It is important to understand where you’ve come from to know where you are going. In a blog for University World News, Rahul Choudaha, director of research and advisory services at World Education Services suggests that two world events have had the most significant impact on international student mobility: 9/11 and the recession that started in 2008.
Rahul writes: “The influence of unpredictable events like 9/11 and the recession on student mobility is far-reaching and global. In addition, government policies related to visa requirements, specifically those concerning financial requirements and post-education work opportunities, will have a big influence on student mobility.”
The blog paints a picture of the factors that have influenced where international students chose to study but this is, of course, only one aspect of student mobility. Student mobility is also about giving students - irrespective of the country in which they are enrolled – an opportunity to enhance their HE experience by exploring a different country and culture over short stay or exchange programmes.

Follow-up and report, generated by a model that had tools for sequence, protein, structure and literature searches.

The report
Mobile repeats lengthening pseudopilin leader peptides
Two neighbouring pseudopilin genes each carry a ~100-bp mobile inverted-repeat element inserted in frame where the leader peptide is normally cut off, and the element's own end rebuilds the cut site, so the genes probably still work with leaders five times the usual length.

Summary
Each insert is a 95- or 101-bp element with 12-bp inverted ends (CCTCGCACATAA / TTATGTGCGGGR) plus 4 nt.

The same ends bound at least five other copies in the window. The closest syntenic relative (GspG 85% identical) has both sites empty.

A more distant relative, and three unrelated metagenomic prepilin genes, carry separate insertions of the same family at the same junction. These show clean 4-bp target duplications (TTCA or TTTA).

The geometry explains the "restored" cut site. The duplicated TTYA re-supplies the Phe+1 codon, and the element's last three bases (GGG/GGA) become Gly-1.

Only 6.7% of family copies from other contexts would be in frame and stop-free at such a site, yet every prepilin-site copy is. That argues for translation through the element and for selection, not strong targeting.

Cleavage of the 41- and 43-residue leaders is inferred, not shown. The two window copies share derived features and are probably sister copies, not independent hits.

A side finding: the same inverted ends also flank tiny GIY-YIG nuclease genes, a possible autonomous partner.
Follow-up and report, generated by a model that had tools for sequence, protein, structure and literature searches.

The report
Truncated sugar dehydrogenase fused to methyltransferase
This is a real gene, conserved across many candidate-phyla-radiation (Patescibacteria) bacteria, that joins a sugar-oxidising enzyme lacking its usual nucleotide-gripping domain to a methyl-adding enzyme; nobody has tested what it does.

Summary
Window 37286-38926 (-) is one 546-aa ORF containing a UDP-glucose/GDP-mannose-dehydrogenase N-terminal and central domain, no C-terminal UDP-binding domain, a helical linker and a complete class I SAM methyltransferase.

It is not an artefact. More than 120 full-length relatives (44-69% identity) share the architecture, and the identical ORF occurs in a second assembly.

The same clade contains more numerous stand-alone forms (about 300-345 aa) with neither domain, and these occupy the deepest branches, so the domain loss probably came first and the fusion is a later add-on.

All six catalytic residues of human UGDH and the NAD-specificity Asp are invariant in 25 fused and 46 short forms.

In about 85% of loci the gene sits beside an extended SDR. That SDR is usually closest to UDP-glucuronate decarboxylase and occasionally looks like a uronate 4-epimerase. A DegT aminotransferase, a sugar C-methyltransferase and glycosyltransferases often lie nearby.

It was this reasoning that led to the creation of Erasmus, the European Union’s flagship student exchange programme, which since its introduction in 1987 has spread to include nine out of every 10 European HEIs, in 33 countries. David Docherty explains why schemes like Erasmus are important: “To develop the best global leaders it is crucial that educational institutions create the right environments and opportunities for young people to develop global competencies and a globally-tuned mindset. Higher education institutions should seek to provide a solid grounding for students, not only in the form of global business expertise but also by actively encouraging students to broaden their horizons.”
Source: the gaurdian